Try these Edible Perennials in Your Garden

September 27, 2010

The previous post examined reasons for including long-lived edibles in the vegetable garden. Today it’s time to identify some favorite vegetable perennials that will offer the same type of lasting benefits that flower and landscape gardeners love to take advantage of in their ornamental beds.

Here is a partial listing of edible perennials; both vegetables and berries that will make great additions to your garden and provide you with continuous harvests for many years:

Choice Edible Perennials for the Home Garden

  • Asparagus – the ultimate long-term vegetable crop that will yield for decades with no drop off in production. One of the earliest spring production crops in the backyard garden.
  • Blackberries – Very easy to grow but they do require annual pruning in order to get the best quality fruit. Try cultivating the thornless blackberry varieties or raspberries which have similar care and cultural requirements.
  • Mushrooms – While not as long lasting as true edible perennials, gourmet mushrooms are pretty care free and productive over many seasons once they are established and will reward you with recurring flushes of tasty gourmet shrooms.
  • Potatoes – You may want to argue with me over listing a potato along with these vegetable perennials, but tell that to the Purple Peruvian fingerling potatoes that I planted several years ago and can still find sprouting up in the garden every spring.
  • Rhubarb – It doesn’t get any easier than this edible perennial that is attractive enough to grow as an ornamental even if you don’t like the taste. Rhubarb is popular as the centerpiece of some delicious desserts!
  • Sea Kale – A rare and unusual vegetable, sea kale is an interesting perennial vegetable that is better known in the United Kingdom. Sea Kale produces edible shoots in the spring that are blanched before harvesting.
  • Artichokes – This one is somewhat dependent on your climate, here in PA artichokes and cardoons can be a challenge to over winter, but it’s not impossible to grow them as edible perennials here and I’ve had success on occasion.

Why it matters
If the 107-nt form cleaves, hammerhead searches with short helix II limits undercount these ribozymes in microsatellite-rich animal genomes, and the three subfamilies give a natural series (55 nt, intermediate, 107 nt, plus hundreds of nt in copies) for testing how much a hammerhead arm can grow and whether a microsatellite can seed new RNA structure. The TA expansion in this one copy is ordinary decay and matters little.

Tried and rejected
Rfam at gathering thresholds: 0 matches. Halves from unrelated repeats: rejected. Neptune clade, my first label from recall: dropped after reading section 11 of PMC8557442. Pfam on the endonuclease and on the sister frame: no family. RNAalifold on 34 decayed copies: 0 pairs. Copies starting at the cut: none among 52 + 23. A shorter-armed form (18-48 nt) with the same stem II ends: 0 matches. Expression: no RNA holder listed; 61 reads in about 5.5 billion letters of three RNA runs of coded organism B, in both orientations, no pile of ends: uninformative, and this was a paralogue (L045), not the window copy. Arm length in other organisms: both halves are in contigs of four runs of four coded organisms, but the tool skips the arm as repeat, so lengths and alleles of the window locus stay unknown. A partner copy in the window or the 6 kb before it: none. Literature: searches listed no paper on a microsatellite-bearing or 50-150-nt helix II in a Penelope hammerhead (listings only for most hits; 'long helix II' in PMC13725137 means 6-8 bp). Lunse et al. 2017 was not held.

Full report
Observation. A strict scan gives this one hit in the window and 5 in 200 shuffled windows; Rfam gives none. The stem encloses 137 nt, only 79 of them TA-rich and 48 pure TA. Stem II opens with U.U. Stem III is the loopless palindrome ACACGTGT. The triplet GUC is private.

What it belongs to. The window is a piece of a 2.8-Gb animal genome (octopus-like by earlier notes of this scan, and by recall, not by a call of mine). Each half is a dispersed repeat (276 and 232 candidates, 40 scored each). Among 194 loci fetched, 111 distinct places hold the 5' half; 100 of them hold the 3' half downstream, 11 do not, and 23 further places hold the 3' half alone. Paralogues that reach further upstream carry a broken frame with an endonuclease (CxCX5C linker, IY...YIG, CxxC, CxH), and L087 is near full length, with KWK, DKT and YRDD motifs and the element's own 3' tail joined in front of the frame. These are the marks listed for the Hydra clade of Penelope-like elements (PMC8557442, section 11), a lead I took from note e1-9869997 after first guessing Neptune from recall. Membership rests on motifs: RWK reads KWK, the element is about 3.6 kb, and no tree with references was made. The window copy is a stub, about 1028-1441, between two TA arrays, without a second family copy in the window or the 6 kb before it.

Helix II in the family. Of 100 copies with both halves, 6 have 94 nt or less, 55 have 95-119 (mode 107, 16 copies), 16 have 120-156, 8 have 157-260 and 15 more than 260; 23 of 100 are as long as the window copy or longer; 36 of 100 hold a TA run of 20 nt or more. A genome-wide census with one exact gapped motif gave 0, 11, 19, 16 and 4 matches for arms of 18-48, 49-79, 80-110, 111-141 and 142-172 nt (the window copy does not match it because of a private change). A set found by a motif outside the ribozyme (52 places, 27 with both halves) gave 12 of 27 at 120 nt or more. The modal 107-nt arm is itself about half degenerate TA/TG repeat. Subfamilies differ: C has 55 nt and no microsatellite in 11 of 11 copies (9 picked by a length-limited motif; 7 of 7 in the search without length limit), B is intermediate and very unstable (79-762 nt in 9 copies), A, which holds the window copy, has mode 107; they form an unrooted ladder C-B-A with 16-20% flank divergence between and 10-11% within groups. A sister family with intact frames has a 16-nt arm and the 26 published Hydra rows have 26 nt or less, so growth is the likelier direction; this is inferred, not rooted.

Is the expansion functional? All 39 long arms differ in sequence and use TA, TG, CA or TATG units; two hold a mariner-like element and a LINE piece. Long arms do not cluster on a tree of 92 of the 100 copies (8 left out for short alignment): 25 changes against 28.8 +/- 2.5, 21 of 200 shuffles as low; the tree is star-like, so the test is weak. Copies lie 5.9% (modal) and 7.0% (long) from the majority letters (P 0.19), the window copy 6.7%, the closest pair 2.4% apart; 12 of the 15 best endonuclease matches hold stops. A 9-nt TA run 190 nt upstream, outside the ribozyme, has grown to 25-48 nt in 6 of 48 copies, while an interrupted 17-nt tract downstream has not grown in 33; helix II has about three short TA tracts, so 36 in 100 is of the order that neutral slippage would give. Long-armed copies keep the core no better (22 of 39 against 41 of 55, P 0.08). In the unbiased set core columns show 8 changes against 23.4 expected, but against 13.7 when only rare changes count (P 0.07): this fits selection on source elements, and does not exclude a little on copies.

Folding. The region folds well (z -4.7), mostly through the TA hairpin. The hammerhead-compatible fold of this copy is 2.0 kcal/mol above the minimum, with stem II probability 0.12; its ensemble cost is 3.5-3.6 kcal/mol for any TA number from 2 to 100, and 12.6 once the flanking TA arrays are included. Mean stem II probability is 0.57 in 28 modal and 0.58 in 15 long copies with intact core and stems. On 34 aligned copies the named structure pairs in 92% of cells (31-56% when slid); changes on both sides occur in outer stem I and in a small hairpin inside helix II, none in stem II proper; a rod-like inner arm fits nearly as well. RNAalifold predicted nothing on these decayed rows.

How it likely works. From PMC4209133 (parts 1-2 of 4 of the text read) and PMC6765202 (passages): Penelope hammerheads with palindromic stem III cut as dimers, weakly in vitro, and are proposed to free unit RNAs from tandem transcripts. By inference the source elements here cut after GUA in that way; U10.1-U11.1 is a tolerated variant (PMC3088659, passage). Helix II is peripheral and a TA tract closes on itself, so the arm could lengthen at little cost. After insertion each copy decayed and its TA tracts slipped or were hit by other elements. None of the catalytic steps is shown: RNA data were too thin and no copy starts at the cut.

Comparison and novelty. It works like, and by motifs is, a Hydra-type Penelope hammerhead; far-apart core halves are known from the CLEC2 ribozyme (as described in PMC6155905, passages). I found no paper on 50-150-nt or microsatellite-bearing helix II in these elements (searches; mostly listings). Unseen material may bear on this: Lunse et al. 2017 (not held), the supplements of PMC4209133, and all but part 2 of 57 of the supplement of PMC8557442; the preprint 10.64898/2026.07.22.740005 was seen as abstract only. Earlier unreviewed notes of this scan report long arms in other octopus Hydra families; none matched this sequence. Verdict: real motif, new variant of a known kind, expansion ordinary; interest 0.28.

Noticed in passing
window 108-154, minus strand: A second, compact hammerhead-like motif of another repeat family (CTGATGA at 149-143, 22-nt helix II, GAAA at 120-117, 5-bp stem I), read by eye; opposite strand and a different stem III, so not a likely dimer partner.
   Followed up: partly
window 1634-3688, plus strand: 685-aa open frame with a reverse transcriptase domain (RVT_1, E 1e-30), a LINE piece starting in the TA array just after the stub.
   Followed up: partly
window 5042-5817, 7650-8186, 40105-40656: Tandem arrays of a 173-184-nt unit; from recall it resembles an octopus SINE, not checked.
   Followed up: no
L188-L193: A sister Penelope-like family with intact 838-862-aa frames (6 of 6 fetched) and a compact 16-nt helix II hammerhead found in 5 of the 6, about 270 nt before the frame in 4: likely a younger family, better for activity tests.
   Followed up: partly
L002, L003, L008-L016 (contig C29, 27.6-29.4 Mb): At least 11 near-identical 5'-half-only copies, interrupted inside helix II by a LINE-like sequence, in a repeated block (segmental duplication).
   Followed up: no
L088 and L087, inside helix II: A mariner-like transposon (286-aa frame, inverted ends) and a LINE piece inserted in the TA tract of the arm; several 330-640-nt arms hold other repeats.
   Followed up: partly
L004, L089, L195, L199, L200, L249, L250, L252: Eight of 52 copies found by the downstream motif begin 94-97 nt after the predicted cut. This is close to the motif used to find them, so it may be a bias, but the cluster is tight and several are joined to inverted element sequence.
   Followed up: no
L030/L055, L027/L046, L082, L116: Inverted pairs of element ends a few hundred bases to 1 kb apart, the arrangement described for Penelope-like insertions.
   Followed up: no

• Salsify – While usually listed as biennials; salsify and scorzonera both act more like perennials in my garden. The plants return each year and grow larger as they put on an impressive display of attractive purple or yellow flowers.
  • Potato Onions – Unlike garlic, potato onions can remain in the ground after they mature without shedding their wrappers or greening up. It is best to lift and cure the bulbs before replanting and spacing them apart, but once you raise potato onions you’ll always have potato onions!
  • Semi-Perennial – Like the purple fingerlings, Epazote, Sunchokes, Calendula, and Sacred Basil behave much like edible perennials and can be counted on to volunteer for repeat appearances once they have been established in the garden. In some cases they can even turn a bit invasive, so keep that in mind if you welcome them into your landscape.

That’s just the short list of vegetable perennials that can make life in the garden a bit easier by providing recurring crops after they are introduced into the garden. If I left out any of your favorite edible perennials you can add them to the comment section below.

Other Related Vegetable Gardening Posts:

  • Well, thanx for sharing an interesting and useful info………my mom like to do gardening……and I help her…its really enjoyable!!!!!!!!

  • Nancy-Jane

    I have a difficult time with perennials here in SC unless they’re trees and bushes. Too many fungi and other ickies out to get them, even strawberries are recommended as annuals.
    Even the trees are susceptible, I came here today because we’re taking out a row of very overgrown azaleas that has three or four dogwoods with an “unknown leaf spot” problem. Personally I think it’s anthracnose, and the master gardener who looked at the trees agreed but without testing we can’t know for sure. I wanted to ask you what we need to do to the ground/area to hopefully kill the problem, we’d like to put in apples, blueberries and brambles.

  • Quite an interesting article. I have been growing mostly annuals or biennials in my container garden.
    I wanted to know how well Blackberries would grow in a container?
    Any ideas or input for me?
    Kind Regards
    The Potted Garden

  • Kenny Point

    Blackberries can grow pretty large and need some type of support so they aren’t the best berry to grow in containers. They are also wild and spreading with extremely long canes so I typically would not try to grow them in containers. Raspberries might be better suited for container culture but I have not even seen them growing in pots.

  • I have been semi sucessful in growing raspberries in containers in that they do well for two or three years and then die off. I used large pots (at least two feet diameter) so that the roots had plenty of space, plus the amount of soil in the pots helped to stop the winf blowing them over.

  • johnboy walton

    Nice list. Lemongrass can survive zone 8 and southward if mulched before the first frost. Of course, that plant is more of a spice, but nice to have nonetheless.

  • Great list! Rhubarb is a must have – it’s so easy to grow and tastes great

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